The below memo has been prepared by our colleagues in Brazil – Murray Advogados
On June 21, 2021, the Chamber of Deputies approved the Provisional Measure (MP) that makes the privatization of the largest electric energy company in Latin America, Eletrobras, viable. The text, which would expire on Wednesday, the 23rd, June 2021, is now going to be sanctioned by President Jair Bolsonaro. Thus, in order not to expire, the MP was the subject of an extraordinary session, on the 21st, June 2021 convened by the president of the Chamber, Arthur Lita.
It should be noted that the measure had already been approved by the Chamber, but, given the 28 amendments made by the Federal Senate, deputies had to vote again, to validate the changes made.
Today, the government holds about 60% of Eletrobras shares, dropping this number to 45% after privatization, which will follow the capitalization model. Thus, the shares will be issued to reduce the participation of the Union in the control of the company, with the capital increases carried out through the public offering of shares.
Furthermore, each shareholder or group of shareholders will not have voting power greater than 10%, as well as the Union’s preferred share of a special class, which will grant it the power to veto decisions on the company’s bylaws.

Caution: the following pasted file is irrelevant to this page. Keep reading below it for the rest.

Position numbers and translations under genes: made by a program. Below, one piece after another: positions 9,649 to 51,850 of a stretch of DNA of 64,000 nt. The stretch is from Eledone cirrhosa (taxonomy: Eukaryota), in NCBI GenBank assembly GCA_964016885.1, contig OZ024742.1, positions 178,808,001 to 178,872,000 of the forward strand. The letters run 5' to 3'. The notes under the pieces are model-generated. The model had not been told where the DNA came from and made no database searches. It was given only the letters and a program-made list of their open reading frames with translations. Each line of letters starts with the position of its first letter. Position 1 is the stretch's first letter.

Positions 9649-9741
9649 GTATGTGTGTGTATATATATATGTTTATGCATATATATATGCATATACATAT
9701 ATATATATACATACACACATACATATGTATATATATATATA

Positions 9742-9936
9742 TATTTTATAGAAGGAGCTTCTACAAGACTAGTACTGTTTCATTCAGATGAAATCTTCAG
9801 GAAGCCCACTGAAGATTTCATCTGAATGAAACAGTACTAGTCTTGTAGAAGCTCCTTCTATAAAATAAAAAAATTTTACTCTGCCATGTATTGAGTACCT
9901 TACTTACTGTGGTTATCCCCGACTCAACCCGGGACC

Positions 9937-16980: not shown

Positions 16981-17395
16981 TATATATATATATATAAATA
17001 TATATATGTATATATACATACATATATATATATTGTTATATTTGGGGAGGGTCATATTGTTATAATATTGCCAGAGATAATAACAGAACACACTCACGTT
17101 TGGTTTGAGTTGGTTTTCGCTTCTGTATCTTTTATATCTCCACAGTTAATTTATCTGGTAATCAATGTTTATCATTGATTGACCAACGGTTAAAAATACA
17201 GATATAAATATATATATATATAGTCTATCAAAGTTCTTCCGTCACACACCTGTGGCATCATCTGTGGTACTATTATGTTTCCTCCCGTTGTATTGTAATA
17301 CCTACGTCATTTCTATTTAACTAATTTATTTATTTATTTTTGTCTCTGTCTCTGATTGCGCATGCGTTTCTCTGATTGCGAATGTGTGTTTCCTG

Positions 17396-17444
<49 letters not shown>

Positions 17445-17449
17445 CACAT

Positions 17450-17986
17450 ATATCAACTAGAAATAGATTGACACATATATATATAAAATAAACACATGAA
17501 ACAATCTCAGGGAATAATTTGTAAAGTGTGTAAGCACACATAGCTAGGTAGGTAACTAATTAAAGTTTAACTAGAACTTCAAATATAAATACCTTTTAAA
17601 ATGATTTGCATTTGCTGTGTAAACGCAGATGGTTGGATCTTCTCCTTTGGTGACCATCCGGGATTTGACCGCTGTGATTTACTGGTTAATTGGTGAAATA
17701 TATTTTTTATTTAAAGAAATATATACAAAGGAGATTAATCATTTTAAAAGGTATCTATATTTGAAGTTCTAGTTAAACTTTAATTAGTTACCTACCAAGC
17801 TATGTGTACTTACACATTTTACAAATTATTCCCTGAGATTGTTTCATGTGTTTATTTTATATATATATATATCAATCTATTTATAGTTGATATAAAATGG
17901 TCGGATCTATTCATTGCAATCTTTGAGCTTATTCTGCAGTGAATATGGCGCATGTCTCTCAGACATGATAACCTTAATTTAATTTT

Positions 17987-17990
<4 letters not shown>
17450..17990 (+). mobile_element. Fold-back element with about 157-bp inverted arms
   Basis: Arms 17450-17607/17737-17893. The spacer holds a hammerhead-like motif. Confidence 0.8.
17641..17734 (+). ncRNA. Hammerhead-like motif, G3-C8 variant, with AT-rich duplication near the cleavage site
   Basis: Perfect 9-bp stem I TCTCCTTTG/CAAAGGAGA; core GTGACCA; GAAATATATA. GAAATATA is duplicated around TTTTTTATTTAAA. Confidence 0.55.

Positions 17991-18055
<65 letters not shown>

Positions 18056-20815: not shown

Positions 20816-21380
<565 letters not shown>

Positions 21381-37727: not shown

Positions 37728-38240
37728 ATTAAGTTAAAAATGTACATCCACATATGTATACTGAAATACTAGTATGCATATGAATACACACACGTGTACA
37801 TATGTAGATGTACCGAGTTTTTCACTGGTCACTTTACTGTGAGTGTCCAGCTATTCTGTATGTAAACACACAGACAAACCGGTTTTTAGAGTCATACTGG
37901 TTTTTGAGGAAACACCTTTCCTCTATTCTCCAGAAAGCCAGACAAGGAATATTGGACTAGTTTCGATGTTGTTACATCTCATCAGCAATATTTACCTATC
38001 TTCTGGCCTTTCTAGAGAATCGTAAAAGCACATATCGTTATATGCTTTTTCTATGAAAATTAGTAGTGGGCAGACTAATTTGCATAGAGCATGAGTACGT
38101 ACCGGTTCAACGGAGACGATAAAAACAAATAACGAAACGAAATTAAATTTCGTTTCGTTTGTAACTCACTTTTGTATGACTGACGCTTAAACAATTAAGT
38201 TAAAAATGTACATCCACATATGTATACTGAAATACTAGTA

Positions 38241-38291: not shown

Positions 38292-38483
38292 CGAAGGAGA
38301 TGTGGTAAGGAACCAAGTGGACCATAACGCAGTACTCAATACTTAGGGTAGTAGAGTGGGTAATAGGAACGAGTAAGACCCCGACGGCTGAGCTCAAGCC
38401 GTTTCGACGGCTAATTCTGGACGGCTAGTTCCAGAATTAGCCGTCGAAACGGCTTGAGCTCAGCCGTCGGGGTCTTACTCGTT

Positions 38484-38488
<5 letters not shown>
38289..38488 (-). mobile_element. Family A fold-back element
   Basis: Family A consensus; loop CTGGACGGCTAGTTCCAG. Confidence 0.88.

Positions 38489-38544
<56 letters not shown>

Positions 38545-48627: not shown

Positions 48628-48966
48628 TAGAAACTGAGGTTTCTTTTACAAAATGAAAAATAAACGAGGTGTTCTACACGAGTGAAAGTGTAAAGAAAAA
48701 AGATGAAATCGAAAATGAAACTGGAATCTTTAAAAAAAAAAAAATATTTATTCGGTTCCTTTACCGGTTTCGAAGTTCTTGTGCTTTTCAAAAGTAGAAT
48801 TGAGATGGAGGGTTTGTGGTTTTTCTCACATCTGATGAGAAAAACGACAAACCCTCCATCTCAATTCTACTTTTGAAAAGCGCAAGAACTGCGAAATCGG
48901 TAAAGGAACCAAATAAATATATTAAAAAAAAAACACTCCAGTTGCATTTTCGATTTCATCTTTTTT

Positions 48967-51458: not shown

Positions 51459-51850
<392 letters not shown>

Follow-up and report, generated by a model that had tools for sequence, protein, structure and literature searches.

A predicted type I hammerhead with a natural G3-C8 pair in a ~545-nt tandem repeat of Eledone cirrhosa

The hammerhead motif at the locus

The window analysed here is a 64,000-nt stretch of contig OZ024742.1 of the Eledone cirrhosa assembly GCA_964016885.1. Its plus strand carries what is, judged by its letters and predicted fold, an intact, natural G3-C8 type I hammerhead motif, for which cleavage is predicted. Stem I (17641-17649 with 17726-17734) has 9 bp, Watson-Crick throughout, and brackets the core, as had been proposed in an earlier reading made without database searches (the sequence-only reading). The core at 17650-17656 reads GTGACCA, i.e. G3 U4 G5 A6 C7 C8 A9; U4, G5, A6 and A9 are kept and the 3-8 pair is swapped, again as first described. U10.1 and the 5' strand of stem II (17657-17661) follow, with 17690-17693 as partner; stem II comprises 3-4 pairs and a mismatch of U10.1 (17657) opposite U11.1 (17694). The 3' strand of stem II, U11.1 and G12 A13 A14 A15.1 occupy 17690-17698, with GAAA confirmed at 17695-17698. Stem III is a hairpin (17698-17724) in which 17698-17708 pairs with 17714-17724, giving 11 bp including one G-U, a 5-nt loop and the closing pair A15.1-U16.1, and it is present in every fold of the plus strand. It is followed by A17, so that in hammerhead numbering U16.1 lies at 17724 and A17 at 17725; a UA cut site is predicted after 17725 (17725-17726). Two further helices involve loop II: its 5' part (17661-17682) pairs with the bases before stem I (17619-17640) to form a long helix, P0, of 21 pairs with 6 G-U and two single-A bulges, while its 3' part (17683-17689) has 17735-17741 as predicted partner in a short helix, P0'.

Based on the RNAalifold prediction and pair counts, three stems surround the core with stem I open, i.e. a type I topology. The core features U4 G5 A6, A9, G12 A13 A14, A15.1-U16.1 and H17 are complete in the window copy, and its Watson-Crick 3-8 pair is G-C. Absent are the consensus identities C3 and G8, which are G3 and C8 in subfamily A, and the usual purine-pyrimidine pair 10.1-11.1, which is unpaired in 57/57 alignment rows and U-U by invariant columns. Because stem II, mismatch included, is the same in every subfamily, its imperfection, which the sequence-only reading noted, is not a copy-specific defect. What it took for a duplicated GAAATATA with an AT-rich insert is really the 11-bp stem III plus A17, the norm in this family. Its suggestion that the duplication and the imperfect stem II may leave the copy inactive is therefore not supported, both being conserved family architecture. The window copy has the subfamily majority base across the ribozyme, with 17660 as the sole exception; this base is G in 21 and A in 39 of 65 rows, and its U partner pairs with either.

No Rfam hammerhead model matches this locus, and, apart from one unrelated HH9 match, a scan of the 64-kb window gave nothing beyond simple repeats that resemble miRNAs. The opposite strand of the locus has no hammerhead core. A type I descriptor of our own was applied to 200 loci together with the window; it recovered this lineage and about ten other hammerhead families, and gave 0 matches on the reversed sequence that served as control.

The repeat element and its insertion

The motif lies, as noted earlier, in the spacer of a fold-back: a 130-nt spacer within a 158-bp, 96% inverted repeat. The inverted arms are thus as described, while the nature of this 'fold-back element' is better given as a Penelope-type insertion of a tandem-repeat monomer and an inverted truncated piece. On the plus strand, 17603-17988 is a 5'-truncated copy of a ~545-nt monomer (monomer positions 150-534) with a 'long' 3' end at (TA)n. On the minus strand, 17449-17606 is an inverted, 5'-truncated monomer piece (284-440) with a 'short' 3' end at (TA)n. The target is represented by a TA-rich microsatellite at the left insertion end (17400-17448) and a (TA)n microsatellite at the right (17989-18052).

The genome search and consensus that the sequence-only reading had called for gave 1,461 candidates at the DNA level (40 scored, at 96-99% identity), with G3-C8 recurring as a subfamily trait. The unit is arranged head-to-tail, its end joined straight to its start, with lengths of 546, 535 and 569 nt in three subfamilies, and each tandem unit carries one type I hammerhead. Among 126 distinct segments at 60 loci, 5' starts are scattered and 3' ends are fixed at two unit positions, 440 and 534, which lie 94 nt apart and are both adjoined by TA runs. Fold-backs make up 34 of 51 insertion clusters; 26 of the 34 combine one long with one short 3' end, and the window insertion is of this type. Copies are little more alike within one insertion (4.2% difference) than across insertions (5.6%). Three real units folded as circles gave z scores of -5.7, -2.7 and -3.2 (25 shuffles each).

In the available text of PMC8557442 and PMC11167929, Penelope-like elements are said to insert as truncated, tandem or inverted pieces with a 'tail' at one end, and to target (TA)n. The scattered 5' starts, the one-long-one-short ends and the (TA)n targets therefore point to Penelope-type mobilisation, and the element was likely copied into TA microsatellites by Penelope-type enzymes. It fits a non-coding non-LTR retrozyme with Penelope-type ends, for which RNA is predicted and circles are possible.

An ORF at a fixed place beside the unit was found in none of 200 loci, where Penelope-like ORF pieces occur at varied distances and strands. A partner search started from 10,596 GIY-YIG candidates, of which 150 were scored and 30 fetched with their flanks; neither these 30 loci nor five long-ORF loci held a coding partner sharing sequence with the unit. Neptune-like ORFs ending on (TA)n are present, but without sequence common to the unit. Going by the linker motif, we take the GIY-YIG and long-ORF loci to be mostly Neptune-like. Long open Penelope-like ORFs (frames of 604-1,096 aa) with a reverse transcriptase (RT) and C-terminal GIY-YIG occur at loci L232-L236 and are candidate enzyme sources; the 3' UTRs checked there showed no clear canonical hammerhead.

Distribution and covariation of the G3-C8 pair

The text of the Provisional Measure establishes the creation of a new state-owned company, which will have the purpose of managing Eletronuclear and Itaipu Binacional, which will not be privatized.
For the government, the privatization of the holding could reduce the value of electricity bills by up to 7.36%. However, entities in the energy sector disagree, stating that the bills will increase, as the text provides for measures that generate costs to be paid by consumers. An example of the increase brought by specialists is the market reserve for hiring SHPs:
“The text establishes a market reserve for contracting Small Hydroelectric Power Plants (PCHs). The rule applies to auctions held until 2026. Experts say that the measure could make the electricity bill more expensive because the market reserve contravenes the principle of free competition in auctions.”
Another point that may generate additional costs for the consumer is the extension of contracts for plants built through the Incentive Program for Alternative Sources of Electric Energy (Proinfa), for 20 years. Experts say that the price paid for the energy of the projects is higher than the market value and, for this reason, consumers will face more costs.
Regarding costs, the government signals that approximately R$ 25 billion will be allocated to reduce consumer tariffs, and this money will be used to deduct bills only from consumers served by electricity distributors.
Therefore, it is not yet possible to say whether this measure comes to benefit consumers. Part of the specialists confirms that expectations are negative, however, the government guarantees that it will assume part of the burden.